Nonetheless, some viruses do benefit by skewing M? polarization towards an M2 phenotype. During infection by severe acute respiratory syndrome coronavirus (SARS-CoV), lung damage resulting from both intrinsic viral infection and dysregulation of the host immune response rapidly progresses to diffuse alveolar damage, resulting in acute respiratory distress syndrome and pulmonary fibrosis (Franks et al., 2003; Peiris et al., 2003). A recent study revealed that SARS-CoV-infected mice lacking hematopoeitic STAT1 expression have greater weight loss and lung pathology associated with upregulation of the M2 indicators YM1, FIZZ1, IL-4, and IL-13 (Page et al., 2012). Absence of lung disease and prefibrotic lesions in infected STAT1/STAT6?/? double-knockout mice also supported the notion that M2 M? contribute to SARS-CoV pathogenesis. Human cytomegalovirus (HCMV) has a more complex relationship with M? polarization. The HCMV gene UL111A encodes a homolog of human IL-10 that is capable of polarizing monocytes towards an anti-inflammatory M2c phenotype including high expression of the scavenger receptor CD163, suppression of MHC expression, and exppression of heme oxygenase 1 (which suppresses TNFα and IL-1β) (Avdic et al., 2013). Additionally, HCMV optimally infects M2-but not M1-polarized M? and late-phase HCMV infection is dependent on the M2-promoting activation of mTOR (Poglitsch et al., 2012). Despite this, HCMV-activated M? have been shown to adopt an M1 transcriptome profile (Chan et al., 2008). HIV-1 similarly seems to benefit from M2 polarization: HIV-1 displays impaired viral DNA synthesis, delayed proviral integration, and reduced proviral transcription in M1 M?, while the M2a surface receptor DC-SIGN facilitates HIV-1 entry, DNA synthesis, and transmission from infected M? to CD4+ T cells (Cassetta et al., 2013; Cassol et al., 2010; 2013). Notably, clathrin-mediated endocytosis of HIV-1 is increased in M1 and decreased in M2 M?, but this method of endocytosis leads to increased viral degradation and is unlikely to result in productive infection (Gobeil et al., 2012). Yet, like HCMV, HIV-1 infection of MDMs drives them toward M1 polarization, and the viral protein Nef is preferentially taken up by M2 M? and stimulates an M2-to-M1 transition (Cassol et al., 2010; Chihara et al., 2012; Lugo-Villarino et al., 2011). These contradictions may be explained by a viral survival strategy that takes advantage of both M1 and M2 M? as means to different ends: M2 M? as a reservoir of replication and M1 M? to recruit fresh immune cells to spread the infection. This can also be inferred from the ability of proinflammatory cytokines and chemokines from HCMV-infected M? to enhance virus replication and dissemination (Alfano et al., 2013; Smith and Bentz, 2004a; 2004b).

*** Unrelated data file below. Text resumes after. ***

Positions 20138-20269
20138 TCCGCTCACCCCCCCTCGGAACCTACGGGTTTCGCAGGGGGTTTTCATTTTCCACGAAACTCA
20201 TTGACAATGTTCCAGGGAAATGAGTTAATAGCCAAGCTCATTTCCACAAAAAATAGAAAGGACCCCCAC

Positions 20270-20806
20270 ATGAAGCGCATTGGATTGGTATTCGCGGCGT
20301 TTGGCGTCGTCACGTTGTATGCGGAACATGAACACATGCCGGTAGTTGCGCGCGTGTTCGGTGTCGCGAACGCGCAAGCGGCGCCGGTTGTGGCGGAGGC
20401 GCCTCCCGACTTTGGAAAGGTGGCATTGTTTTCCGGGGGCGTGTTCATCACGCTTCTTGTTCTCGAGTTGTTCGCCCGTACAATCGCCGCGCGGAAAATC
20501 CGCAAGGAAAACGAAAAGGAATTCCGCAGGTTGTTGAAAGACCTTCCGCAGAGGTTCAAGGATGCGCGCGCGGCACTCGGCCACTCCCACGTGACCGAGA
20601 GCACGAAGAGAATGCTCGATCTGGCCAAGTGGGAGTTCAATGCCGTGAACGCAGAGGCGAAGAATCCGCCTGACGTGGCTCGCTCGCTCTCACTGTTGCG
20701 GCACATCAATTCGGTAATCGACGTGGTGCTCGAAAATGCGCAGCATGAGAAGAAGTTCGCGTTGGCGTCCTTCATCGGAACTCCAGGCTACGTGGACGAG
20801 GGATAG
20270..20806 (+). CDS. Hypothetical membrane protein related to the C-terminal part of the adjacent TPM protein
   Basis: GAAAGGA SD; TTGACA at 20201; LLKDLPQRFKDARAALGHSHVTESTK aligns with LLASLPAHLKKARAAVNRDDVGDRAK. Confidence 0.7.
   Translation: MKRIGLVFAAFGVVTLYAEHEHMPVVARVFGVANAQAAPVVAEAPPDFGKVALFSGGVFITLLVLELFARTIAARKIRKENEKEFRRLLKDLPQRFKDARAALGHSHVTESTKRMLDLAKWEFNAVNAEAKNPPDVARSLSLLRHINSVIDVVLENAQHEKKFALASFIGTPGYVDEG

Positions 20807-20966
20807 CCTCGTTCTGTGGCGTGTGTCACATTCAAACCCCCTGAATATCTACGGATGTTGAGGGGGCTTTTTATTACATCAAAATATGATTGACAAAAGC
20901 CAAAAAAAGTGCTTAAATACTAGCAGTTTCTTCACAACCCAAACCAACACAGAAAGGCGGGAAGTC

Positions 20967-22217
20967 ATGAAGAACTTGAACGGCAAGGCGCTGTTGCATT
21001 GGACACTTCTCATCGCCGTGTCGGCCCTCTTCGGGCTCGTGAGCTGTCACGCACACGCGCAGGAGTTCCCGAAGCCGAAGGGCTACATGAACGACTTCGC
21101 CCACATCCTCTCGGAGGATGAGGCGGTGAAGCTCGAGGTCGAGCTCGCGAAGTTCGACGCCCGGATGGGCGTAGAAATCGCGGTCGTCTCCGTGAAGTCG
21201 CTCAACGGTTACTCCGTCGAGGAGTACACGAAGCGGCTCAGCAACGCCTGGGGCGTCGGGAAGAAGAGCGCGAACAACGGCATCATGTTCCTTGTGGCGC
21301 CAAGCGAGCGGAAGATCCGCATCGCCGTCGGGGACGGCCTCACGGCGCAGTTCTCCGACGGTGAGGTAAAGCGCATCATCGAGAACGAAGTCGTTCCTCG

DIABETES, OBESITY, AND NON-ALCOHOLIC STEATOHEPATITIS